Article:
So, I see huge opportunities around. You know, as more people transition to headless that you will get developer agencies in Poland, and Ukraine, and India, and other countries, getting into sort of help with the web development to keep the cost down. Because using headless at the moment, the danger is that the cost for your website just gets too high because going back to our earlier conversation, the market is saturated with WordPress developers that have a set day rate, have a set process, have a set theme, have a set template, can kind of produce an entry-level website pretty quickly for a minimal budget, but then, you've got a lot of the headless stuff. It’s enterprise, it's 150 K territory. Whereas I think there's a sweet spot around. Can you do a headless-backed website for 20, or 30, or 40K? That becomes a very interesting proposition then. But you probably can't do that in UK, or Ireland, or the US because the cost of developers are too high. So, that's an example of something that's likely to be a big growth area for outsourced development.

Oleg

As we conclude our discussion, drawing from your own experiences, navigating challenges and uncertainties, what advice would you offer to companies that find themselves in a crisis situation, whether it be financial, operational, or otherwise? How can they best weather the storm and emerge stronger on their side?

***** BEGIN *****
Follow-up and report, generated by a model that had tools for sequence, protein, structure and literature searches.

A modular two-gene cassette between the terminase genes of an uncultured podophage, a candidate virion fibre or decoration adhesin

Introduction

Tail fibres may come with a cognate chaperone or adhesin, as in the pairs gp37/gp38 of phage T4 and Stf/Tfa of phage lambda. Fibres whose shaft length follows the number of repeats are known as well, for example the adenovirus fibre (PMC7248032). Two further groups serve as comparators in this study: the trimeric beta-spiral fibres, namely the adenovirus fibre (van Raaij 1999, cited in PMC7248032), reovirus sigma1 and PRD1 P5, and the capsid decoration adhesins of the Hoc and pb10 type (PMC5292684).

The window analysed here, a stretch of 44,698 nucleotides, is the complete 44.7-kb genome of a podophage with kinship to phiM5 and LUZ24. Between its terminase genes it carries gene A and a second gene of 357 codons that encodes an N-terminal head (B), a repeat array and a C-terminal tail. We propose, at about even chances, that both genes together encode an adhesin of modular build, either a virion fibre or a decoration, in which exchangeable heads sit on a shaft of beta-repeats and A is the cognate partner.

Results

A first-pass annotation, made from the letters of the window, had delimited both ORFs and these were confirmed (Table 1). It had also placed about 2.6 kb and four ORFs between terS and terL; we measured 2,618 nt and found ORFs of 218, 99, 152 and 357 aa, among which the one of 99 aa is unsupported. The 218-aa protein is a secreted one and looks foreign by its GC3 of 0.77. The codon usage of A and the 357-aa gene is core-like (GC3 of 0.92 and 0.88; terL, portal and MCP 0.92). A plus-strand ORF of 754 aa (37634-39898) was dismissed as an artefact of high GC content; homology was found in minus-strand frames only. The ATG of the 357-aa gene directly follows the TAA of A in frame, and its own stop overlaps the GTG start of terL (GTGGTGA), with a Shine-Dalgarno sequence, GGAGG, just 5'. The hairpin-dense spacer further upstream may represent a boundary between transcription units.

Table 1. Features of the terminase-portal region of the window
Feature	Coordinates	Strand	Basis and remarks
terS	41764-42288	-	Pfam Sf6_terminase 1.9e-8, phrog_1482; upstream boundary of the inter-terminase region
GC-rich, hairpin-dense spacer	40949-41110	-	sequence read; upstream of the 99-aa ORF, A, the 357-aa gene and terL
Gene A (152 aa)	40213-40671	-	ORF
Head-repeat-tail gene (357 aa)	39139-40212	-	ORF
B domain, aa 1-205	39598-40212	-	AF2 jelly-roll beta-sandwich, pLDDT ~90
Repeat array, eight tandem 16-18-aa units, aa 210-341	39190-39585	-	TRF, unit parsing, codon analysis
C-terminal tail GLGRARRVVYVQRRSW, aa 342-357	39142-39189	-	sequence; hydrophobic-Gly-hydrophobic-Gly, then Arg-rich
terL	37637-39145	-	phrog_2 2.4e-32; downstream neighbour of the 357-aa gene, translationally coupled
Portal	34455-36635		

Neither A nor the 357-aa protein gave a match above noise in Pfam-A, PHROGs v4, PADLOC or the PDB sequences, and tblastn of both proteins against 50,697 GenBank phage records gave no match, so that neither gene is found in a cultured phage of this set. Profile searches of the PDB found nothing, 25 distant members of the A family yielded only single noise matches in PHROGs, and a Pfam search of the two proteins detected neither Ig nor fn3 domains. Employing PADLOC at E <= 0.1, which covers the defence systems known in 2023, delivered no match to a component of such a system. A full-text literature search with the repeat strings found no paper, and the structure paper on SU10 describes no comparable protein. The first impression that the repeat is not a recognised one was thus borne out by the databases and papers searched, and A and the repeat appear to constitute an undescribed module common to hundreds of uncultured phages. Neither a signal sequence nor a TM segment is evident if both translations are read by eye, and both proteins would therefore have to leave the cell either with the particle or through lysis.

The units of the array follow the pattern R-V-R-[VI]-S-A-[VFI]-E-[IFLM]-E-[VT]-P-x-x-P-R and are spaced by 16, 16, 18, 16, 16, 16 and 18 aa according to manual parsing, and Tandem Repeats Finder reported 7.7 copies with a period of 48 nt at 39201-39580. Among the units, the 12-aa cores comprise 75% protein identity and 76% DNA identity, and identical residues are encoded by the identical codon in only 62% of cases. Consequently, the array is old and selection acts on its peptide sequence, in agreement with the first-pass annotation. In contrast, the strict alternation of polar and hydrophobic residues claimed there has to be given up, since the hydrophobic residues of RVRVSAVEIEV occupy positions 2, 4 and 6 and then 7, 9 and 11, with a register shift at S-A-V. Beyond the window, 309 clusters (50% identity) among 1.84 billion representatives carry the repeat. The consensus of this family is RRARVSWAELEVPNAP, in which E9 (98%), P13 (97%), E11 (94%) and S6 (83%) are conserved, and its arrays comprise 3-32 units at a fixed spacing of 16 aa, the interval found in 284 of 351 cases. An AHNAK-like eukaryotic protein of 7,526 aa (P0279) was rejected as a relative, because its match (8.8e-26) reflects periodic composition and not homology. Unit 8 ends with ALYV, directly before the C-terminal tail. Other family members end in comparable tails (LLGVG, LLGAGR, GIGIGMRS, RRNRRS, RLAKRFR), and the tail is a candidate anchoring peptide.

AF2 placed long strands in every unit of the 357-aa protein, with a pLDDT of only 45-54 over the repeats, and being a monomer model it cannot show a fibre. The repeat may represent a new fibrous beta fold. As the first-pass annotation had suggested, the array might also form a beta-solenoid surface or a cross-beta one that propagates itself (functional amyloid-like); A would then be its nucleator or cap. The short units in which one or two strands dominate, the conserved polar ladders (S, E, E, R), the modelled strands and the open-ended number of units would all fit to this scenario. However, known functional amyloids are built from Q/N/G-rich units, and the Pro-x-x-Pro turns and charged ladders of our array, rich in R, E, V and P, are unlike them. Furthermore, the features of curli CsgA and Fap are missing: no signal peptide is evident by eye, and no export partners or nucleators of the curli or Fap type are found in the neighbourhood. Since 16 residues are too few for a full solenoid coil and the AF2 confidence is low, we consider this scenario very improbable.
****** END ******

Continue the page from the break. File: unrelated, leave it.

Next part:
Alan

Yeah, look, it's a great question. And I think everyone is probably facing challenges at the moment, right? Anybody in technology had a difficult 2023, right? And we're all hopeful that 2024 is better. I mean, look, there's a couple of things. I think having peers you can talk to is always useful, right? So, other CEOs in my instance or other founders of outsource agencies in your instance that are not viewed through the lens of being immediate competitors, but being people you can try and talk to because let's be frank these are difficult roles, and there's difficult times. So, having someone that you can talk to in confidence, because the more you talk to people, they may have solutions, they may have encountered similar problems, and they may have ideas to help. But the other thing is, you know, being very focused on the numbers and cash, right? Because ultimately, agencies or software businesses, going back to some of our earlier points, you know, you can have a fairly hefty wage bill every month.